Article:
The UI mostly worked ok, with the occasional annoyance caused by the Modern world intruding on my workflow. So after six or seven months of trying to get to terms with the inconsistencies, I gave up and installed the Start8/ModernMix combo. Especially the windowed Modern apps allowed by ModernMix removed just about every annoyance I had, and suddenly, for me, Windows 8 became the best Windows version ever, fast, stable, and usable.
Now, based on what I have read about Windows 8.1, it seems I will still be using the Stardock add-ons. This is quite odd - after all, the UI clearly does not need major updates to improve the user experience in a dramatic fashion, and the Windows 8 UI could do with some old-fashioned evil empire embrace and extend.
I will give the UI tweaks in 8.1 a chance, but I'm worried that there is no one left in power at Microsoft that can actually look outside their Microsoft-centric bubble and copy someone with good taste. They clearly can't do it on their own...
Re: Macro hell
Java? The language that has outsourced all the insanity into the build and dependency management systems and the thousand libraries, frameworks and domain-specific languages of varying quality and ancestry, many of which still drown you in AbstractProxyFactoryInterfaceBeans? The language with probably the most lines of bad code written in the past decade? With a dozen tribes gathered around different ecosystems, separated by a common language...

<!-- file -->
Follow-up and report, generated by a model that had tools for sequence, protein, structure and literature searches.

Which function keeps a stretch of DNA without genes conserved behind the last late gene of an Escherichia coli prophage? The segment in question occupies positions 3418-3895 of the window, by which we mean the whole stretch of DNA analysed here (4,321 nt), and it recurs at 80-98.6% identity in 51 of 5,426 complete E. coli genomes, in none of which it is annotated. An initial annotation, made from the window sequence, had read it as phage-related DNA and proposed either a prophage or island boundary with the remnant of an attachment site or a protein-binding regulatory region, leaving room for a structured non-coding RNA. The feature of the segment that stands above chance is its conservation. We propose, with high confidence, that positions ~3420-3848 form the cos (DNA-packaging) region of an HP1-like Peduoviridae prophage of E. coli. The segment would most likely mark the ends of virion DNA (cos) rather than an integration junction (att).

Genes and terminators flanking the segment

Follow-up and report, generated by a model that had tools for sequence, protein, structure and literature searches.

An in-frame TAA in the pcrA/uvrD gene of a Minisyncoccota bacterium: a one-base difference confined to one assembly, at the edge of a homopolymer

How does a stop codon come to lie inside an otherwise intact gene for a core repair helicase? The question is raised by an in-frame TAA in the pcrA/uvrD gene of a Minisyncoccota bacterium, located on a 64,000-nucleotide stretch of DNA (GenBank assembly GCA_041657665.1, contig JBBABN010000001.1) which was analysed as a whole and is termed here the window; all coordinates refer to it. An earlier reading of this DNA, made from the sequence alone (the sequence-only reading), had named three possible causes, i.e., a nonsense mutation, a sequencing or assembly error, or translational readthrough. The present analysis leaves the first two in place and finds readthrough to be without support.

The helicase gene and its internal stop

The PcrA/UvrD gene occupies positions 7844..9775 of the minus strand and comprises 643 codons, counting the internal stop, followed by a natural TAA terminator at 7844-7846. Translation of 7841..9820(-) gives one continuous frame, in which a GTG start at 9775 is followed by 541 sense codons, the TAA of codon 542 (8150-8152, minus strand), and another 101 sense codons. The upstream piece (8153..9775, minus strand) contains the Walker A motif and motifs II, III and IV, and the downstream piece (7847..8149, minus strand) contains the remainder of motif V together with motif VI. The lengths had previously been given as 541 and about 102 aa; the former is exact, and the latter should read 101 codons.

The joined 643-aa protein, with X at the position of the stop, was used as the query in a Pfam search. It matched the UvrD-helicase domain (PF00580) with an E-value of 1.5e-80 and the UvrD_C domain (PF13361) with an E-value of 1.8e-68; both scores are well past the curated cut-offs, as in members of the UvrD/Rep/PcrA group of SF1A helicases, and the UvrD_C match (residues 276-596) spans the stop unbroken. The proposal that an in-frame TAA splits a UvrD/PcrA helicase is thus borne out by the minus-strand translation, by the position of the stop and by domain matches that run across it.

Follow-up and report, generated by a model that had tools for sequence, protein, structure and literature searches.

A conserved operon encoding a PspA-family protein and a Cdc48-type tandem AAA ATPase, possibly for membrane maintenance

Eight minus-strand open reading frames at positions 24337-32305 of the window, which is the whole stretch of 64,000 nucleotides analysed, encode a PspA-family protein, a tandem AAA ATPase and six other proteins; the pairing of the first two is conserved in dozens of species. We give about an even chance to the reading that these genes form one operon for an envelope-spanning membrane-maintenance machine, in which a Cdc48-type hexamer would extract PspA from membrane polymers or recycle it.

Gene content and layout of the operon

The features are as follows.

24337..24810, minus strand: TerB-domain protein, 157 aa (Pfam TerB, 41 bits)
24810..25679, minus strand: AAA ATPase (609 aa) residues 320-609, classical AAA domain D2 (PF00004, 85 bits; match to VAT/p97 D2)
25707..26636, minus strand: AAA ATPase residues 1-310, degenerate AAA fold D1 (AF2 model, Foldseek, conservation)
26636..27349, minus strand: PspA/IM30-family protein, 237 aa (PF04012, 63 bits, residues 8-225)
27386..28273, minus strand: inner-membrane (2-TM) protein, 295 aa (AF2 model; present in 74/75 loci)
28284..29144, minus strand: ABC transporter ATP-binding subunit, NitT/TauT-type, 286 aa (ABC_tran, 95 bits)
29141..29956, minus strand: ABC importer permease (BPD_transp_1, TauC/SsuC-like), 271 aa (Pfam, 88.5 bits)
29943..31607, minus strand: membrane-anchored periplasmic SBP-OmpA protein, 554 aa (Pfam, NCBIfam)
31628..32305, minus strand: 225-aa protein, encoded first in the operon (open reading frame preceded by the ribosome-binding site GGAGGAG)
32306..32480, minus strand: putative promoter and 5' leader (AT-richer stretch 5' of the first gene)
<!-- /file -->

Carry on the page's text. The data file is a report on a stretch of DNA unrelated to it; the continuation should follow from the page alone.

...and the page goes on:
The biggest performance jump since the late 90s happened sometime over the past four years, and the low-cost and mainstream (prebuilt) PCs have missed out so far. No wonder non-gamer people are hanging on to their old PCs longer than before, there's not much difference between a Core 2 Duo and an Ivy Bridge when everything is slowed down by a spinning disk.
However, I don't really see the point in sticking with pre-Core 2 Duo hardware at this point, when you can pick up an old C2D system for not much money at all. That gives a noticeable jump in performance and power efficiency compared to anything before 2006, and most likely gives you SATA II ports to use for - yes, you guessed it - an SSD system drive.
Re: Battery life
You are probably correct. The 4" form factor in an ultra-thin phone is clearly one of the reasons why iPhone 5 has so much worse battery life than the S III, even with a non user replaceable battery (5.45 Wh vs 7.98 Wh battery capacity).